In the paddock at the Miami Grand Prix, stars of Formula 1 and stars of American life who have recently caught the Formula 1 bug pass one another at close proximity and at great speed. There goes the British seven–time World Champion Lewis Hamilton on his Mercedes scooter. There goes Japanese driver Yuki Tsunoda, taller than a third grader but sipping from a juice box nonetheless. Teams dressed in red flow this way, teams wearing white that way, looking like the lights on a highway.
Privileged patrons—among them Michelle Obama and LeBron James, Venus and Serena Williams, Michael Douglas and George Lucas, Americans all, some old fans, others new to the sport—scrum amid the mounting traffic and marvel that the great F1 circus has descended upon not just any part of America, but this America, for the first-ever Miami Grand Prix, just as interest has peaked among a burgeoning American race fan.
If you look past them all, past Patrick Mahomes and Josh Allen, beyond Bad Bunny and Pharrell, over the hip-high hedges of the team hospitality suites, around the fake palm fronds, and just beside those Ferrari mechanics sipping espressos in the 93-degree swamp heat, you’ll find a diminutive, olive-skinned man sitting in the middle of it all, an American, who has, it turns out, been around these F1 parts for decades, but is just now working out a more permanent return.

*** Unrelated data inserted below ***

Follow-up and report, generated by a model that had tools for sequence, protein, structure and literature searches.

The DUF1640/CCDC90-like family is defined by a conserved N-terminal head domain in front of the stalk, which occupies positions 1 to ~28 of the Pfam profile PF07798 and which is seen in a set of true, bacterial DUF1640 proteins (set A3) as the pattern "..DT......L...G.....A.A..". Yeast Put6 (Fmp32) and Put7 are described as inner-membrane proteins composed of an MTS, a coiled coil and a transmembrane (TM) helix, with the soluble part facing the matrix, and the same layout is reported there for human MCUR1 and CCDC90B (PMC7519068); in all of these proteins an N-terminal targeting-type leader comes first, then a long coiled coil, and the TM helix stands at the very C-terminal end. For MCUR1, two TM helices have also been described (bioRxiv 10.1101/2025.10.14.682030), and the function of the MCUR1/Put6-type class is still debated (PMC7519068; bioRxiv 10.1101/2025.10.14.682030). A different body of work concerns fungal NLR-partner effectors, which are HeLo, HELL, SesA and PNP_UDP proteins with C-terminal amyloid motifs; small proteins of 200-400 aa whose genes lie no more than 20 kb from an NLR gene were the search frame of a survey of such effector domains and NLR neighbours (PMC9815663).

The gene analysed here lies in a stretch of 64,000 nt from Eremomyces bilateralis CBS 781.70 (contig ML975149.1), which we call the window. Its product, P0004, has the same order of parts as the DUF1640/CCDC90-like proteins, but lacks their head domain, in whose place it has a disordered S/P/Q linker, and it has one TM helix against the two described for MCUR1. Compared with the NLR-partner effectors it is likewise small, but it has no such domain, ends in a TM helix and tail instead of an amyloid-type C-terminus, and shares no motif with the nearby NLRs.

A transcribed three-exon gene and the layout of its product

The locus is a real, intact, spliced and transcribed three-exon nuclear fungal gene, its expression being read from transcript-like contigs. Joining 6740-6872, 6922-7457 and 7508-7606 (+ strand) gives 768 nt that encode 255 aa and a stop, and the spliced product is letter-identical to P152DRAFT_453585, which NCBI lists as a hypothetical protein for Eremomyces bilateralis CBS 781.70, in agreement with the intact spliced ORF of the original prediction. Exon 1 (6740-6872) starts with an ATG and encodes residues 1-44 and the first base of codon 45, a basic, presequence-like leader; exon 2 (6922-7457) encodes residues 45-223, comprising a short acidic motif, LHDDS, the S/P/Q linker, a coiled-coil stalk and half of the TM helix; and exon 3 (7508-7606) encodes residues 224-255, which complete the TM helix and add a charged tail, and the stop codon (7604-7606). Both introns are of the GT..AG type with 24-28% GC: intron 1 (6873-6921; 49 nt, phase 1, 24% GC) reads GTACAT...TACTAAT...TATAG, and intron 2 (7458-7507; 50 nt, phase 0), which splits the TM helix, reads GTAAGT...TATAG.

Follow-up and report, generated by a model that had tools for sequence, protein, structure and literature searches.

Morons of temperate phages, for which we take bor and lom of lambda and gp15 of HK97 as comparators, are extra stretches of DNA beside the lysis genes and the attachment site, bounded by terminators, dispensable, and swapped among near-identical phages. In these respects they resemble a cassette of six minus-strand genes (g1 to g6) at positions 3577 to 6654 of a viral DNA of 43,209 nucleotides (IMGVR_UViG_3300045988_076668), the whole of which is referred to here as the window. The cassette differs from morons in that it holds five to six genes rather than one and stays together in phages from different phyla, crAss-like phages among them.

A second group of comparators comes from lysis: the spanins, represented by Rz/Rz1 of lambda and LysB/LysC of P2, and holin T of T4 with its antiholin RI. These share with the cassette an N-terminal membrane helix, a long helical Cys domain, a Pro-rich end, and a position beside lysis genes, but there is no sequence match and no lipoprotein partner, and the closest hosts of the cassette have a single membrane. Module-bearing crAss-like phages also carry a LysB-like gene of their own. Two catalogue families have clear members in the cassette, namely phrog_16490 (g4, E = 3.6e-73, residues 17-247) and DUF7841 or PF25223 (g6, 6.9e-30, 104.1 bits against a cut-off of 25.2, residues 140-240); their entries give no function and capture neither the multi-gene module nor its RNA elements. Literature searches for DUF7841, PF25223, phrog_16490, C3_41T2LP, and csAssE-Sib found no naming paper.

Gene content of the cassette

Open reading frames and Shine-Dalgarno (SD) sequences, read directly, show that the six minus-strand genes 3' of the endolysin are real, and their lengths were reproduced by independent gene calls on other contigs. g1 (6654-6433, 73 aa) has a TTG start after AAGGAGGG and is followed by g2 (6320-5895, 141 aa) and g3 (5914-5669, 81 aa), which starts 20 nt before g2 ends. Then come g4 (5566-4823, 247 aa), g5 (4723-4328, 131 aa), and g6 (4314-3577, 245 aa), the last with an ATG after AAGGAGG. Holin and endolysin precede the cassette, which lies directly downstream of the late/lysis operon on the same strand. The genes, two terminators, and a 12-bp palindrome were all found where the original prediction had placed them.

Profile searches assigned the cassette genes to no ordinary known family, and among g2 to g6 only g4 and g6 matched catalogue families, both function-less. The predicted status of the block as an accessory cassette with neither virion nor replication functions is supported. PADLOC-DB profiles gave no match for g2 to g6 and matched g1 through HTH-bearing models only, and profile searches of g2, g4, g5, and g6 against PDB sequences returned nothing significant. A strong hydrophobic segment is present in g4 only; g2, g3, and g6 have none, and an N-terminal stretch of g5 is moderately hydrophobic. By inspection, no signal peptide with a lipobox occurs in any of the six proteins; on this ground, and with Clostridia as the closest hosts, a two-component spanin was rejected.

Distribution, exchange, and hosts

Mario Andretti, the greatest American race car driver of all time—a winner of the Indy 500, the Daytona 500, the Indy Car Season Championship, and countless other other contests involving speed in the 20th century—also holds the distinction of being the last American to win a Formula 1 World Championship. The last American, in other words, to capture the top prize in the top racing circuit on earth. This was 1978. Practically prehistoric times. At least for most of the 240,000 supercharged fans in Miami, many of whom got hooked on F1 via Netflix’s Drive to Survive and have grown accustomed to an F1 cast practically devoid of Americans. But in that ’78 season, Andretti took his fight to the greats of his era—to Fittipaldi and Villeneuve, to Hunt and Lauda—and bested them all. An American, then, was not just in the sport, not just on the grid, but was, for one season, its Verstappen, its Hamilton, its Senna and Prost.
Mario is in Miami in his capacity as the great connector between American race car driving and Formula 1. Indeed, he is an official ambassador of the Grand Prix and the most meaningful bridge between American racing fans and the globe-spanning racing series. But he is also there in a more surreptitious capacity to help ensure that he is not the last bridge, as well. In February, Mario shocked the racing world by announcing that his eldest son, Michael, had filed paperwork with the sport’s governing body, the Fédération Internationale de l’Automobile (FIA), to bring a brand-new American racing team and American driver to the F1 paddock in 2024. “His entry, Andretti Global, has the resources and checks every box,” Mario tweeted. “He is awaiting the FIA’s determination.” By Miami, in May, Michael and Mario were still waiting. But the convergence of all the F1 power brokers onto their home soil was an opportunity to make their case in person. The pitch was simple: A new American team featuring a star American driver (all under the banner of the great American racing name) would serve as the bellows to stoke the flames of the passionate new American fan base, a.k.a. the market that F1 had been trying to crack for practically its entire existence.